Dignitaries and friends from 97 nations and organizations have offered their condolences to Taiwan following the deadly train crash in Hualien County on Friday last week, the Ministry of Foreign Affairs said yesterday, adding that a message from India was significant.
As of noon yesterday, 846 government officials, lawmakers, academics or group representatives from 97 nations and international organizations had offered their condolences to the families of the victims of the train crash, the ministry said.
Indian Ministry of External Affairs spokesman Arindam Bagchi on Saturday last week wrote on Twitter: “We are deeply saddened by the loss of so many lives in the railway accident in Taiwan. Our deepest condolences to the families. And our prayers for the early recovery of the injured.”
It was the first time that the ministry had publicly expressed its grief over a major accident in Taiwan since the Taipei Economic and Cultural Center in India was established in 1995, which is significant for bilateral relations, Ministry of Foreign Affairs spokeswoman Joanne Ou (歐江安) told a news conference in Taipei yesterday.
In Taipei, India-Taipei Association Director-General Gourangalal Das had also expressed his condolences on the day of the accident, Ou said, adding that the two nations continue to deepen relations in different areas.
One French national and two Americans were killed in the accident, while one Australian and two Japanese were injured, Ou said.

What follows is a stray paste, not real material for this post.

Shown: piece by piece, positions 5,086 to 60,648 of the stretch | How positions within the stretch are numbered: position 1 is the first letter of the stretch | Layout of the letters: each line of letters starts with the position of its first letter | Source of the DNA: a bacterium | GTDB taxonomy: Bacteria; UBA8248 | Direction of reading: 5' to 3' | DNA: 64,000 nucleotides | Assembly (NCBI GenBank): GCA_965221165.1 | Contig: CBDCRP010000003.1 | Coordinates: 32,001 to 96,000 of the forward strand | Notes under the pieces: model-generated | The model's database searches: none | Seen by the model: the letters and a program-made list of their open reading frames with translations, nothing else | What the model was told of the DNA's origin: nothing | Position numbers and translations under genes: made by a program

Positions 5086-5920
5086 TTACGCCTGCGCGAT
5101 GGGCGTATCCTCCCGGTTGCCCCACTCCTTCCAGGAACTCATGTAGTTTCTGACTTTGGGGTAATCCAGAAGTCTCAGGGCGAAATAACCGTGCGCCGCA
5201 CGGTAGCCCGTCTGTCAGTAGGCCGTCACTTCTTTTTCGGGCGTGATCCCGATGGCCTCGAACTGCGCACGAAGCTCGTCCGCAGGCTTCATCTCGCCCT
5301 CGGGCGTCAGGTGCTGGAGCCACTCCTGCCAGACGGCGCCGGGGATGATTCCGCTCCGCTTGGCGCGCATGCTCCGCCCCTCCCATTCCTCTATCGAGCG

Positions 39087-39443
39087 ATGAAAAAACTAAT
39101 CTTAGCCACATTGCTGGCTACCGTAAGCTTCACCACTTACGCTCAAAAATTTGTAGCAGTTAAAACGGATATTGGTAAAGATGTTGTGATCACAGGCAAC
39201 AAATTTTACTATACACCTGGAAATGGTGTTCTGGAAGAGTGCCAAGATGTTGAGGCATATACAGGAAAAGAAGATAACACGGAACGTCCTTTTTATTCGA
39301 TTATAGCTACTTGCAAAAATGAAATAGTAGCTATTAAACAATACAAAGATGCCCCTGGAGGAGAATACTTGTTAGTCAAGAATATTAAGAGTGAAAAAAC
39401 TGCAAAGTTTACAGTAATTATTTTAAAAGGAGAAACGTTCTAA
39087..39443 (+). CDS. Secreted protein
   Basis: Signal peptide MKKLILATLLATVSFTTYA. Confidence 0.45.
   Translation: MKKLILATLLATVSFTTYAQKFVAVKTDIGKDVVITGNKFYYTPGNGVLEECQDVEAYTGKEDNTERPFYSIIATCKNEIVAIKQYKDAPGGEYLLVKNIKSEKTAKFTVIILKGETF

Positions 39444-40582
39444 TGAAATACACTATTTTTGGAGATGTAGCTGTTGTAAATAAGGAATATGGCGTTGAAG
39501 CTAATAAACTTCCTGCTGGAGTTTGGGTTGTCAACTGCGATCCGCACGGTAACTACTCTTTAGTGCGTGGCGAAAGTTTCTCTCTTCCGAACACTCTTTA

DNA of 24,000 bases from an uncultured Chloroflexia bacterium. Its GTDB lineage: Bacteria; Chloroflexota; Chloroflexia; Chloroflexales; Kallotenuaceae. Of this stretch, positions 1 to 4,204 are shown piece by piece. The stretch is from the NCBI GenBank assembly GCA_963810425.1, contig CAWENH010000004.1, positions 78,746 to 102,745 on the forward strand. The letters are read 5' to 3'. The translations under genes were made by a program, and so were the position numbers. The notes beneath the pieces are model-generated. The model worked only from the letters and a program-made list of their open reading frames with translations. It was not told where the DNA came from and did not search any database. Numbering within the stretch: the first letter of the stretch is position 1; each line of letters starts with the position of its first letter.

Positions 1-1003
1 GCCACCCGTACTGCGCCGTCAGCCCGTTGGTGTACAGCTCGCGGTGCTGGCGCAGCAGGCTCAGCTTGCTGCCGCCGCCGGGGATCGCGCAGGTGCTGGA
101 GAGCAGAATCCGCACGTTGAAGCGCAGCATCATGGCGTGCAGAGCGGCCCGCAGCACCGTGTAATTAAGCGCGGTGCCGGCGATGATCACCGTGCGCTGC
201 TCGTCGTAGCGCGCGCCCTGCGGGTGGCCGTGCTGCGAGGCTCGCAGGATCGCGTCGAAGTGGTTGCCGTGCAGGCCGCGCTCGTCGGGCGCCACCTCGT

The ministry is working with the representative offices of those nations, as well as government agencies, to provide the families with the necessary assistance, she said.
Meanwhile, Barbra Streisand yesterday also sent her condolences via Twitter.
Addressing President Tsai Ing-wen (蔡英文) and Minister of Foreign Affairs Joseph Wu (吳釗燮), Streisand wrote: “My heart breaks for you and your country. Reading about this accident brings tears to my eyes for all of these amazing people who lost their precious lives.”
“It’s a tough time for everyone in Taiwan, but we remain strong & will get through this together,” Wu wrote on Twitter in response.
Typhoon Chanthu could make landfall as far north as Yilan or Hualien counties late tomorrow night, the Central Weather Bureau (CWB) said yesterday, adding that a land alert could be issued this afternoon or tomorrow morning. The bureau also said that it could possibly issue a sea alert late last night or early this morning. As of 2pm yesterday, Chanthu was 960km southeast of Pingtung County’s Oluanpi (鵝鑾鼻). It was moving northwest at 15kph, but was projected to shift northward as it approached the Taiwan Strait due to a weakening Pacific high-pressure system, the bureau said. The bureau is closely monitoring the typhoon,
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